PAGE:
re: Similar yet different. So confusing VIEW POST

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re: const a = { x: 1 }; a = { z: 1 }; // TypeError: Assignment to constant variable this is a TypeError because by assigning a a new object value y...
 
const a = { x: 1 }
a = { x: 1 } // TypeError: Assignment to constant variable.

I would say referential transparency is in different realm, this is not a type error in common case (though can seem like one in some cases).

It is in different realm the same way as borrow checker in Rust. Immutability is also in different realm, but can be modeled with types, for example with Readonly<T> in TypeScript or $ReadOnly<T> in Flow.

 

I might be wrong, but

const a = {x: 1}

is actually assigning a pointer to an object to a, so this:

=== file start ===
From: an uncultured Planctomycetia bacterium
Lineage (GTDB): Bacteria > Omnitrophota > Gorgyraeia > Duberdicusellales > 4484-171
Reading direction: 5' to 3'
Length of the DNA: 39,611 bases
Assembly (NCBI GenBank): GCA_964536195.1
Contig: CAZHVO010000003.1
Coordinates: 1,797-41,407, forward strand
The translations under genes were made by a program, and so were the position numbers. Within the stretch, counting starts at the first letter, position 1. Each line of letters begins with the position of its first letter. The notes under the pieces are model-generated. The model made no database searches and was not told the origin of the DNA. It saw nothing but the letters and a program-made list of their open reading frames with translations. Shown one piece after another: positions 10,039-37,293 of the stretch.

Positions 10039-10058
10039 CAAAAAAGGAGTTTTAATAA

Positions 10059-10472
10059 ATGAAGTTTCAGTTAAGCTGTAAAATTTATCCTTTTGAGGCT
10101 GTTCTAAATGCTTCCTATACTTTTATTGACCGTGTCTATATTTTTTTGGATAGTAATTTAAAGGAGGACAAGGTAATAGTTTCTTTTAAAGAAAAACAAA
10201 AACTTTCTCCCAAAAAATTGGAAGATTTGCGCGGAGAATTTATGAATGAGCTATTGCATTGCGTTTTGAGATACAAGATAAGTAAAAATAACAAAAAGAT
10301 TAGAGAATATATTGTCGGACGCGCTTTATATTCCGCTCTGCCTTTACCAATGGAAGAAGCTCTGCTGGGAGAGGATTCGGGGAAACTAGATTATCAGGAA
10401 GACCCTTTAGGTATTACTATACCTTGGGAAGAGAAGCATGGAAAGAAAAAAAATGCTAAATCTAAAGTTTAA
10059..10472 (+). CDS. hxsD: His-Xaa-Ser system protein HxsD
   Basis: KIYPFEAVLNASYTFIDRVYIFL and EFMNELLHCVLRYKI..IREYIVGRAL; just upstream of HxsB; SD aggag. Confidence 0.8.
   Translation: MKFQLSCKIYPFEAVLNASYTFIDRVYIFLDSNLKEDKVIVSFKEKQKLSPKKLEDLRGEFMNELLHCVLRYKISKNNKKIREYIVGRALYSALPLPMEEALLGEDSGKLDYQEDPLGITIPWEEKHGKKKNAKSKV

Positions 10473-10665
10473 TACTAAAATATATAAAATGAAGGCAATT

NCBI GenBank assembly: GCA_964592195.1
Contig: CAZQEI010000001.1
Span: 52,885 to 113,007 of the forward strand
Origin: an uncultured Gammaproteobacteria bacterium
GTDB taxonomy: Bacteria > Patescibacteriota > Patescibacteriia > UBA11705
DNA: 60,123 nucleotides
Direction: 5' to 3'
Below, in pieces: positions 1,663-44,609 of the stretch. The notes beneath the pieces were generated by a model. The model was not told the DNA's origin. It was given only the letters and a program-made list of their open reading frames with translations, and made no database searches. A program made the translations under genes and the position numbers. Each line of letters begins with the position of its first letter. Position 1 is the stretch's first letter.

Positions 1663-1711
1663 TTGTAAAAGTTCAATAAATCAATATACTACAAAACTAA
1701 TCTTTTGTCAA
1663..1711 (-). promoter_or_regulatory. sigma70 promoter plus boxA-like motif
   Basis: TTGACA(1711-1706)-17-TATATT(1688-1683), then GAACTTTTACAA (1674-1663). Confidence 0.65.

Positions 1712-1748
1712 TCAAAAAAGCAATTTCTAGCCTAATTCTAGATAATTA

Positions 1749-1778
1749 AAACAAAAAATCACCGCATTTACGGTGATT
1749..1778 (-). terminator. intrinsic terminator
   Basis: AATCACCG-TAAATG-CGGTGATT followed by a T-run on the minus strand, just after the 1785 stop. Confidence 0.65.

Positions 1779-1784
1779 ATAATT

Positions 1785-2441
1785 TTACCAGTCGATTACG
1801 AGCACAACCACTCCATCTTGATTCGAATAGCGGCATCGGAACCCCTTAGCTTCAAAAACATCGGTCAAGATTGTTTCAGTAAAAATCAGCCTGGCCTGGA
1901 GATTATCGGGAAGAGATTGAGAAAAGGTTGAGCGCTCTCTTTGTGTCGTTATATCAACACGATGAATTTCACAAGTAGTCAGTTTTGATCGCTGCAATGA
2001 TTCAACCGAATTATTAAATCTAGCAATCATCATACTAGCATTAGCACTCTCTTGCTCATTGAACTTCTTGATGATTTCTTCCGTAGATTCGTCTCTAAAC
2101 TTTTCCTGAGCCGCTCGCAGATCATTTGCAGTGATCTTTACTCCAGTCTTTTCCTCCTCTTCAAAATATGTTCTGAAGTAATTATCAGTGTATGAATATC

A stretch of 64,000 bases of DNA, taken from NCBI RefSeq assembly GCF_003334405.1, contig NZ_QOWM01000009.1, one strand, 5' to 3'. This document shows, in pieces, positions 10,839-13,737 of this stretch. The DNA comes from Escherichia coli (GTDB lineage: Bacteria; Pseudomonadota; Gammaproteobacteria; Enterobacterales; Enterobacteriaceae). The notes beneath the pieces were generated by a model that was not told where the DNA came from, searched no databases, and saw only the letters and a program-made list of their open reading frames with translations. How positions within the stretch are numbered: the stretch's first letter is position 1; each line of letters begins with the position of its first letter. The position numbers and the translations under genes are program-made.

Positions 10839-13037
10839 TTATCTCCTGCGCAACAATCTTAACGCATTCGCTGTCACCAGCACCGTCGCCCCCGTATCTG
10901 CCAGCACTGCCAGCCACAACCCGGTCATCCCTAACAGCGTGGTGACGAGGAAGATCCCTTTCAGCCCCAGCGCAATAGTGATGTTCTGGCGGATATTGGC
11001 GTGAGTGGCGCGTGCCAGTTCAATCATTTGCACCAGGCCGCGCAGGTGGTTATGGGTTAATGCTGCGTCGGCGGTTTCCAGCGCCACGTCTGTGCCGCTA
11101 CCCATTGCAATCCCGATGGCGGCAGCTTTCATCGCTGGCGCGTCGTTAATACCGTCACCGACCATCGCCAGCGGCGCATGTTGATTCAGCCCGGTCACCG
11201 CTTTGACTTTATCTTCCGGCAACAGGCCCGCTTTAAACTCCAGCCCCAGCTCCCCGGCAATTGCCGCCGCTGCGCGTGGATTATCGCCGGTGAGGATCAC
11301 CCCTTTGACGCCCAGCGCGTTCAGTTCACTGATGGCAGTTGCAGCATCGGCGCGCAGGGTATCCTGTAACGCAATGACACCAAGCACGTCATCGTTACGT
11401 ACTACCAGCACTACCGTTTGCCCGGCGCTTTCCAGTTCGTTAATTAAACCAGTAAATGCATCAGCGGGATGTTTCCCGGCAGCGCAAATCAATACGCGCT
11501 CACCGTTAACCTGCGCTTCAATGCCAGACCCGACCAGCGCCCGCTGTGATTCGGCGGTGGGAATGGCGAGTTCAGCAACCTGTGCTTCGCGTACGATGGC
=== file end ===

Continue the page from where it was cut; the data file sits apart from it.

const a = {x: 1};
a = {x: 2};

cannot work, because you are changing the value of a with a new pointer.

no problem with

a.x = 2

because you don't change the value of a: it's still the same pointer to the same object.

So to me it's correct to say const for immutability, because in your example it's not possible to change the real value of a (which is an address).

As I said, I might be wrong, but it's how I understand the concept and for now it hasn't failed me yet 😄

Referential transparency - means you can't reassign variable.

const a = { x:  1 };
const b = a;
a.x = 2;
a === b; //true, because it is the same reference

Immutability - means you can't mutate object.

let a = Object.freeze({x : 1})
a.x = 2;
a.x === 1; // true, because a is immutable
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